As we were standing there, and older man stopped, peered through the gate, and asked me (in French), “Is that a church in there?”
I told him yes.
He looked through the bars again and shook his head ruefully. ”I’ve lived here all my life, and I never knew there was a church,” he said as he walked away.
Today, we had the opportunity to see it up close – Jim Brown, head of institutional relations for the Institut Catholique, within the grounds of which the church sits, invited us and the Drehers to take a tour.
The parish wasn’t blocked off or inaccessible to the public – it’s just that it’s within the grounds of the Institute, and I just didn’t take the time to figure out where the main entrance was that day.
This plaque at the head of this post isn’t in the church – it’s around the back, in the seminary garden. It’s simple, stark and direct.
This stood in another part of the garden:
….marking the first to be struck down.
Here they fell.
We went to the Louvre today. It was our second time, and I hope to work in two more times before we leave. The first time we spent our afternoon in Egyptian antiquities. Today was Italian paintings and a bit of Rome and Greece. Of course, everyone crowded around the Top Hits: the Mona Lisa, David’s Napoleon (him again??) crowning himself, the Venus de Milo and so on.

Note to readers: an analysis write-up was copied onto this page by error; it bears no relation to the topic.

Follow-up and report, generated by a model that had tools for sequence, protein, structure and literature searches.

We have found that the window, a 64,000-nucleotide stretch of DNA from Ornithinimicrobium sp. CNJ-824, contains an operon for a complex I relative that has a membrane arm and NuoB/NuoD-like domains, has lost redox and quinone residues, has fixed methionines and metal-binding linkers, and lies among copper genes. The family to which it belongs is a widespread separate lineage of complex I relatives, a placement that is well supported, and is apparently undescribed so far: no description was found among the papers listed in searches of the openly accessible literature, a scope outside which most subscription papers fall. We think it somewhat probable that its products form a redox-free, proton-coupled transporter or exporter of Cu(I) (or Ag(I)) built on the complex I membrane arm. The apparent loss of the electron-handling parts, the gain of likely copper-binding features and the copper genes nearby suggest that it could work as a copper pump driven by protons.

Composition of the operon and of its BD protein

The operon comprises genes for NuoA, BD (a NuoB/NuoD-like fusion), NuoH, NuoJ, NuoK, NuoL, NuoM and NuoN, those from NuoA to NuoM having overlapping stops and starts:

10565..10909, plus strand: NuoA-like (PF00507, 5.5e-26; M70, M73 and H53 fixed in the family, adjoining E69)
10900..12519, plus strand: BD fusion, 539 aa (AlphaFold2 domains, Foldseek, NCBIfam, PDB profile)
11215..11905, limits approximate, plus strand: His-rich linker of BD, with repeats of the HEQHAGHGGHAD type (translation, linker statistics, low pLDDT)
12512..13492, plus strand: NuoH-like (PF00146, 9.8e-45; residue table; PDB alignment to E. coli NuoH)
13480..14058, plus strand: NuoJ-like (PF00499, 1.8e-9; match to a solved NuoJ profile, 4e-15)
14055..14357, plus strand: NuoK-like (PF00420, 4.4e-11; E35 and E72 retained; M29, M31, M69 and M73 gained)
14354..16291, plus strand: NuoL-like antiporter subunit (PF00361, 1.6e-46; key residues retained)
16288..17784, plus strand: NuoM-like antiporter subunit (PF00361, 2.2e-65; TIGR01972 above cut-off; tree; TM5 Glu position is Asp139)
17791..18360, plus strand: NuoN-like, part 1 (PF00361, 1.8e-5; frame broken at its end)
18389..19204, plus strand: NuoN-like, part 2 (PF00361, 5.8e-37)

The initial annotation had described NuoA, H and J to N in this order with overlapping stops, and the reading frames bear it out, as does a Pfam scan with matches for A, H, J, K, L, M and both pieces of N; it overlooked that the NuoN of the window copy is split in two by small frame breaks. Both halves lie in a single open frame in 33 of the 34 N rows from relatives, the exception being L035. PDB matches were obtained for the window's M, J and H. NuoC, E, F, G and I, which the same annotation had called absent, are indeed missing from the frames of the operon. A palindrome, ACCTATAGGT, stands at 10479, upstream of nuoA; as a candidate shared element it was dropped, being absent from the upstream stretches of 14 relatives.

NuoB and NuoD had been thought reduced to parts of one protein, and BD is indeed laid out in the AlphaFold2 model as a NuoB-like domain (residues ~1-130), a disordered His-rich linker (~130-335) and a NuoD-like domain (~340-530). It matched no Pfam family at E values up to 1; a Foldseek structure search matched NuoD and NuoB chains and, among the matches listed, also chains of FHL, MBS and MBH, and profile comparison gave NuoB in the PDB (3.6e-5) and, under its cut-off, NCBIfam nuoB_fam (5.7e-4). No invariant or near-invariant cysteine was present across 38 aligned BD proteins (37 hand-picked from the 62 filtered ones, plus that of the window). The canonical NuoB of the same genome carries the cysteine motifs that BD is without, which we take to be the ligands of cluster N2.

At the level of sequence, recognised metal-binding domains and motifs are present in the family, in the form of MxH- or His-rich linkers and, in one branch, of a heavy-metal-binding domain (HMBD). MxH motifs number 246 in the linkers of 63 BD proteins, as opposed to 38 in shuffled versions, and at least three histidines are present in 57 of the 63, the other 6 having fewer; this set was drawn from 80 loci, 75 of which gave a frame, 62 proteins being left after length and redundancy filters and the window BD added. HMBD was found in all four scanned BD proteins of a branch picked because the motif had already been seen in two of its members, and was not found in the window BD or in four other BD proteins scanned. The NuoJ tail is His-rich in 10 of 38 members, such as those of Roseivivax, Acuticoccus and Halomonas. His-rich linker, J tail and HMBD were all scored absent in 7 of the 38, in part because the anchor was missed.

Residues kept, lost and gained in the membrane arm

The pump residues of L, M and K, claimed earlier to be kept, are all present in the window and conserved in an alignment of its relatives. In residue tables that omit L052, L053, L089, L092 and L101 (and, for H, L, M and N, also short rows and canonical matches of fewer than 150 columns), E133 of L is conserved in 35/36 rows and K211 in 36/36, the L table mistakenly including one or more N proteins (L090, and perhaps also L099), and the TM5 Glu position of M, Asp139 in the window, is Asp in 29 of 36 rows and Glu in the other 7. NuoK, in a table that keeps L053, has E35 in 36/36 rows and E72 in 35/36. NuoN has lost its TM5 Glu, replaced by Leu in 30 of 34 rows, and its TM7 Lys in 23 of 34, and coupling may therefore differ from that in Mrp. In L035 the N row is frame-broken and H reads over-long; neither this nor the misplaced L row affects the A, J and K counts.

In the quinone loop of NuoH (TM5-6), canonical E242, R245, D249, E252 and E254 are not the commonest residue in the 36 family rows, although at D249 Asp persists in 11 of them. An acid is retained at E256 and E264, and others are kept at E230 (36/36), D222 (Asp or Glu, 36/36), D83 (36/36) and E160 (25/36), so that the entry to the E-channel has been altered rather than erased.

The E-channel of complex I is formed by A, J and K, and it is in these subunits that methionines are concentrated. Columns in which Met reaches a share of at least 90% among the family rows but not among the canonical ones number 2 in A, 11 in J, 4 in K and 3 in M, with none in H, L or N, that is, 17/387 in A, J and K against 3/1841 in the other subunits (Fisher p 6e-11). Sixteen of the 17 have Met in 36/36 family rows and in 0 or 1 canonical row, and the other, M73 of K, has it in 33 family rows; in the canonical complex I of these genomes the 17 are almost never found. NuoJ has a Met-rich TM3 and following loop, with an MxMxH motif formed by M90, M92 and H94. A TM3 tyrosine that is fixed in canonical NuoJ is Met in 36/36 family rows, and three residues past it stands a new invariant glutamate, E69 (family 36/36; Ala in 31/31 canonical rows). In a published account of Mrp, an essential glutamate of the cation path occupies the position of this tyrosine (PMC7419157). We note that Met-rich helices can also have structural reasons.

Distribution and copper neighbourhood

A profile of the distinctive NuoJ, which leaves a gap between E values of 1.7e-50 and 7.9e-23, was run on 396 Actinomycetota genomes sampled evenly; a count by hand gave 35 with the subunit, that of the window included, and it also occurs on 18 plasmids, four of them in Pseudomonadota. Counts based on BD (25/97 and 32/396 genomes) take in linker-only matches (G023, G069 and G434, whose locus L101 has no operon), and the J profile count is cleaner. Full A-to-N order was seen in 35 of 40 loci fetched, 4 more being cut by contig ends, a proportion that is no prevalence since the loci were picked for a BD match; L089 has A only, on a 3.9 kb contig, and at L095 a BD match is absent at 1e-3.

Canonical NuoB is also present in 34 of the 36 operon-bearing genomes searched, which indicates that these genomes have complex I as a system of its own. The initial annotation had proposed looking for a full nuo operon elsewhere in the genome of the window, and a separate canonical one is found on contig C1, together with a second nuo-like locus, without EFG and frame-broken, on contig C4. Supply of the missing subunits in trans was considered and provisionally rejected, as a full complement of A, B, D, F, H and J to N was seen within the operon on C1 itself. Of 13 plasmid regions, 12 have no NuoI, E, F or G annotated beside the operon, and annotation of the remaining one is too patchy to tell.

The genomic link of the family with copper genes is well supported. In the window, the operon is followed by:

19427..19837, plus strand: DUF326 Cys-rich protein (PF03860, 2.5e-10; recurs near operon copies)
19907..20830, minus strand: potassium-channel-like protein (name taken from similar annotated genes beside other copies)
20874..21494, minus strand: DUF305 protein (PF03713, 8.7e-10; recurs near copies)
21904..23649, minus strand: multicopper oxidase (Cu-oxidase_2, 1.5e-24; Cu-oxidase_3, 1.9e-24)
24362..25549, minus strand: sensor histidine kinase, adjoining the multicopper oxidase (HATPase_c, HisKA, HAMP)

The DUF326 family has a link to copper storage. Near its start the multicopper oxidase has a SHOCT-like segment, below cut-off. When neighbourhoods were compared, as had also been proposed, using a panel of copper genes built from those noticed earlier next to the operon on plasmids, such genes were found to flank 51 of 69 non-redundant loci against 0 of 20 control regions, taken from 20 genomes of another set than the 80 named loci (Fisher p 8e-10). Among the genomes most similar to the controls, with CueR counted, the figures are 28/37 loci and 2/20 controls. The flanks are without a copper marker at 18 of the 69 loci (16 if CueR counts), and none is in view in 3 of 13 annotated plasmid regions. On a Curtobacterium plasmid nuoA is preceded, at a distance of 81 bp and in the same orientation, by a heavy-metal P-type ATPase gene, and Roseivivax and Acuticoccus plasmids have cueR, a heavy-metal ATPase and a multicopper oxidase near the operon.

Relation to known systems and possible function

It’s all good, but these are what struck me today:
Much of the interior of St. Maurice (former) Cathedral in Mirepoix is either faded or worn down to almost bare stone, but what remains is a revelation. I don’t know when it was originally adorned in this way or what restoration attempts have been made, but it does seem to give lie to the convential wisdom about those monolithic gloomy gray blocks of stone (as if a building dancing with colored light filtered through stained glass could even be so).
(Mirepoix is known for its color in other ways: the medieval town center is marked by covered sidewalks and brightly colored buildings.)
It was lovely and quiet and still hinted at life lived here:
This was interesting, too:
What’s your guess? Mine would be pagan shenanigans of one sort or another, misappropriating the symbol.
If, after having owned a DSLR for 3 years, you STILL can’t take a decent nighttime photo…
…throw it in the B & W Tint Machine.
Looks a lot better that way. And almost as if you did it on purpose..